Tag Archives: satellite transmitter

Killer whale tracking study continues this year

UPDATE, Jan 9
L-87 and presumably J pod never headed out to the Pacific Ocean after going into the Strait of Juan de Fuca last week. Instead, they stayed around the area for a day and a half before heading up Haro Strait, spending at least two days around Canada’s Texada Island. That was similar to the previous trip up through the Strait of Georgia. Check out the latest map by the Northwest Fisheries Science Center.
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Killer whale researchers are using satellites to track the movements of J pod this year, as part of an ongoing effort to understand where Puget Sound’s orcas travel in winter.

orca tracks 1-3

The day after Christmas, a satellite transmitter was attached to L-87, a 22-year-old male. The whale, named “Onyx,” has been traveling with J pod for at least three years.

Researchers caught up with the pod Dec. 26 in the Strait of Juan de Fuca, where the satellite tag was attached by shooting a dart into L-87’s dorsal fin.

Brad Hanson, a researcher with Northwest Fisheries Science Center, said less in known about the winter movements of J pod than either K or L pods — even though J pod has a history of spending more time in Puget Sound than the others.

As you can see from the map, the orcas traveled up into the Strait of Georgia in British Columbia, circling Texada Island before returning to Seattle. As of Wednesday night, the whales were about halfway down the Strait of Juan de Fuca on their way to the outer coast. Maps and other information about the tracking project can be found on the blog titled “2014 Southern Resident Killer Whale Satellite Tagging.”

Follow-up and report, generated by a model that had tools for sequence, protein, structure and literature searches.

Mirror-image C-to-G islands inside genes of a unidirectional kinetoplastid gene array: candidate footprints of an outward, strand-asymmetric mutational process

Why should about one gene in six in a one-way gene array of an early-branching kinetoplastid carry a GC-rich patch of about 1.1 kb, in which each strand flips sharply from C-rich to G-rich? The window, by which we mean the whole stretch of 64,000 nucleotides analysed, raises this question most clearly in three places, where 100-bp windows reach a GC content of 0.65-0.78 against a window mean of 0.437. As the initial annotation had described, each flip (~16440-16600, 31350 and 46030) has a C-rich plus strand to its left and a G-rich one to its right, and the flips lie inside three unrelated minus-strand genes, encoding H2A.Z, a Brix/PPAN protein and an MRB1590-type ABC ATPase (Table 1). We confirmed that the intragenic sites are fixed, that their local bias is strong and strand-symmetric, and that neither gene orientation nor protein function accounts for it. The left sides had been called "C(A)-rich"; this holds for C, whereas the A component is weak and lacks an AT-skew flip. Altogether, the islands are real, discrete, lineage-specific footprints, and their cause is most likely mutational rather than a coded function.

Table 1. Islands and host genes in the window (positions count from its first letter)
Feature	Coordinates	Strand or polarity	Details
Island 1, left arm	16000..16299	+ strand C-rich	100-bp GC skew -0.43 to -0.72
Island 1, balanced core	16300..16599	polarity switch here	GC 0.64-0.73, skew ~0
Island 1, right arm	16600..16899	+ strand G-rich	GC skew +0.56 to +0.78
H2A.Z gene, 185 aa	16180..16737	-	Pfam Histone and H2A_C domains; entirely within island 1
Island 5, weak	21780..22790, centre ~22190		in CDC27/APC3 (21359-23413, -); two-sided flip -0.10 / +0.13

Hanson and his crew went out to meet the whales off Edmonds on New Year’s Day and collected fish scales and fecal samples the orcas left behind. By analyzing the samples, researchers hope to learn what kinds of fish the whales are eating.

As we’ve discussed, 2013 was an unusual year for all three Southern Resident pods, which spent less time than usual in the San Juan Islands during the summer followed by shorter trips into South Puget Sound during the fall.

Brad, who has been in discussions with salmon experts, speculated that a low run of summer chinook to the Fraser River in Canada coupled with stronger-than-usual chinook runs off the Columbia River may have diverted the orcas to the ocean for longer periods,. They made occasional hunting trips to inland waters in search of prey.

Whether this unusual pattern will continue probably depends on salmon abundance this summer and fall. The Southern Residents have a strong preference for chinook salmon, but they are known to shift to chum in the fall.

Another new method of locating whales in winter has been the deployment of seven acoustic recorders along the West Coast, from Central California to the northwest corner of Washington. Hanson and his associates recently reported results from a five-year study of killer whale recordings along the coast.